So our hope is not merely for personal salvation. It is for the full coming of God’s kingdom which, as Peter says, will “be revealed in the last time.” Christians tend to think of salvation hope too narrowly. It is natural that, in grateful praise, we speak of the hope and full assurance of our personal salvation. But Scripture instructs us to see our own salvation within the larger story of full New Creation, of creation healed and liberated for ongoing joyful, creative service in God’s garden, the new heaven and earth. “Since we are surrounded by so great a cloud of witnesses, let us . . . lay aside every weight and the sin that clings so closely, and let us run with perseverance the race that is set before us, looking to Jesus the pioneer and perfecter of our faith. . . . since we are receiving a kingdom that cannot be shaken, let us give thanks, [offering] to God acceptable worship with reverence and awe; for indeed our God is a consuming fire” (Heb 12:1-2, 28-29). Our sure hope of salvation is our clear call to ongoing discipleship here and now, fortified by the hope in which we stand.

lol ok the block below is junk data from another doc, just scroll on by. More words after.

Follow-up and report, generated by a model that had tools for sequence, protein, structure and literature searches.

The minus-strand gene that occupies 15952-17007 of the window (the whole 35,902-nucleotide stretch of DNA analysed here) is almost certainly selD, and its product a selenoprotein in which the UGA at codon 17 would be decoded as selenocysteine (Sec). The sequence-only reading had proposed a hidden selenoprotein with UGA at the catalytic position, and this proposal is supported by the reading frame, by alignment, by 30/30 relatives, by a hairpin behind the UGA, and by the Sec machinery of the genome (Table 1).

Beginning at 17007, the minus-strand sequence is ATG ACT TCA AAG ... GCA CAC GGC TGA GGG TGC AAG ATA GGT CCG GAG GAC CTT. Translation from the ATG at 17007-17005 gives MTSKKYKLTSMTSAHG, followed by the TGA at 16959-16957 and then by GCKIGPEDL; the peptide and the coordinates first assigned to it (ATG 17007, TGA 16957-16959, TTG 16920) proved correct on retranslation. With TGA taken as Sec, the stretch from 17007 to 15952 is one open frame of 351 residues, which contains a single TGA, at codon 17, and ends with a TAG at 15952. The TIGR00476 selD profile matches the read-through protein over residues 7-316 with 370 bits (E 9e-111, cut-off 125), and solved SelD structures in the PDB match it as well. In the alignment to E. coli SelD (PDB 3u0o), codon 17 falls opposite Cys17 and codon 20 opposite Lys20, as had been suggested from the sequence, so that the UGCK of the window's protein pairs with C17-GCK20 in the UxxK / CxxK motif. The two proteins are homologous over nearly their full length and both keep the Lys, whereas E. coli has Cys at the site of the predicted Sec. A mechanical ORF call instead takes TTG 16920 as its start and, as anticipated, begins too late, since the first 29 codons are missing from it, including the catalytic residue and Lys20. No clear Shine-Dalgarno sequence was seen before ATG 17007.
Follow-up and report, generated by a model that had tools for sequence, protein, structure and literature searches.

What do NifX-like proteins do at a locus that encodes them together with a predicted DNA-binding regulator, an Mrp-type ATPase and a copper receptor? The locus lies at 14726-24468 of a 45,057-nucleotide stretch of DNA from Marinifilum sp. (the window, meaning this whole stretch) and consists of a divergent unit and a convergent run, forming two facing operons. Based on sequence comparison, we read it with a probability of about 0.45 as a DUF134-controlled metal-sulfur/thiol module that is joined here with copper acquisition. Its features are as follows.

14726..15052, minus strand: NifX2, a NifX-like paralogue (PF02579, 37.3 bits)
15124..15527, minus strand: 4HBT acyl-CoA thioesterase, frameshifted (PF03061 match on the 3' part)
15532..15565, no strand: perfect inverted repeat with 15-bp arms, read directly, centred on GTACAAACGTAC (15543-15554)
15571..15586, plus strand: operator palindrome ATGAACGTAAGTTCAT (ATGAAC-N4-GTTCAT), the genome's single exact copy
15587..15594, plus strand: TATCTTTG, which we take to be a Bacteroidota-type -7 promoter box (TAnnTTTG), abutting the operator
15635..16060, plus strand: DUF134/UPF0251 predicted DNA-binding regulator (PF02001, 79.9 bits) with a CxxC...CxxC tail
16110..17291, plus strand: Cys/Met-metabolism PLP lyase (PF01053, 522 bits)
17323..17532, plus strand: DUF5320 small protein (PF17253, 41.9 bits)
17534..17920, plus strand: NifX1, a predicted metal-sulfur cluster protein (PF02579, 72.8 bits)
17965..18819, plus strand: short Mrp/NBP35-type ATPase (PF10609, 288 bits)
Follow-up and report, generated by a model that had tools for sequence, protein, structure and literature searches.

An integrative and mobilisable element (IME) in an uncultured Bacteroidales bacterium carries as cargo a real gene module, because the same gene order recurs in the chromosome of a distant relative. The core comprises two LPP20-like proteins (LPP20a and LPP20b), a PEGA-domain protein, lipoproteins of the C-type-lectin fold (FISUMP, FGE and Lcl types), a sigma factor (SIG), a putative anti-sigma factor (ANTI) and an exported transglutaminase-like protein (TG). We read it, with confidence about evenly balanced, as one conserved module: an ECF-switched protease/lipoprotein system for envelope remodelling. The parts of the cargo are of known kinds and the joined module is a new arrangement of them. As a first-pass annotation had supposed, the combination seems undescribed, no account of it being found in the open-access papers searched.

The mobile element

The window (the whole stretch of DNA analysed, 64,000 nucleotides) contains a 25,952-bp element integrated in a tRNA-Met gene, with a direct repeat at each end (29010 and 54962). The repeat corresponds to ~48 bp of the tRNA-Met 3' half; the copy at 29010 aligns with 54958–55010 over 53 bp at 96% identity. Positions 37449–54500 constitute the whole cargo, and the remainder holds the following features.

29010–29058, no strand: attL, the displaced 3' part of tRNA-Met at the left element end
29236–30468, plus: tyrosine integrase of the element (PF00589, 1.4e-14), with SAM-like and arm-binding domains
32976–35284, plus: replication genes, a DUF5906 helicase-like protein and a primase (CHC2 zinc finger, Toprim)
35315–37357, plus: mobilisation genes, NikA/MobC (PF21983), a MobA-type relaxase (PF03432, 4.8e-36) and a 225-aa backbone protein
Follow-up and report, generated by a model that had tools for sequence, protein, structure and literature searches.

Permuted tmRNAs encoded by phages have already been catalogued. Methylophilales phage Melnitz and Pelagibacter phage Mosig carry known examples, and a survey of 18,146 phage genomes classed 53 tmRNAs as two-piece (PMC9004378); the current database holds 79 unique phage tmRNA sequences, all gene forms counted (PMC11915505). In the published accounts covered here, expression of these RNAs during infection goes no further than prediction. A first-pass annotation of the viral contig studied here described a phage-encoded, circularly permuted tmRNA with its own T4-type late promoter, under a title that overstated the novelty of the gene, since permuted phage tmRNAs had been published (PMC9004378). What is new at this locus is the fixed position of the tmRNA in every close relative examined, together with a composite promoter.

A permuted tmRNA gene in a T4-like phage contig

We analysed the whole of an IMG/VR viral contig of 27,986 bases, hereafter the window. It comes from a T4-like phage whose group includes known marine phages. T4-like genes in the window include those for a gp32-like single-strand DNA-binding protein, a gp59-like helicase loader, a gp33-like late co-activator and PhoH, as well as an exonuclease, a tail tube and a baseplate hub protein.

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International Representative, Manchester Wesley Research Centre in Manchester, England. Formerly professor of the history and theology of mission, Asbury Theological Seminary (1996-2006); Professor of Wesley Studies, Tyndale Seminary, Toronto, 2007-2012. Has taught and pastored in São Paulo, Brazil; Detroit, Michigan; and Chicago, Illinois. Dr. Snyder's main interest is in the power and relevance of Jesus Christ and his Kingdom for the world today and tomorrow. Works include The Problem of Wineskins, Community of the King, and most recently, Jesus and Pocahontas: Gospel, Mission, and National Myth.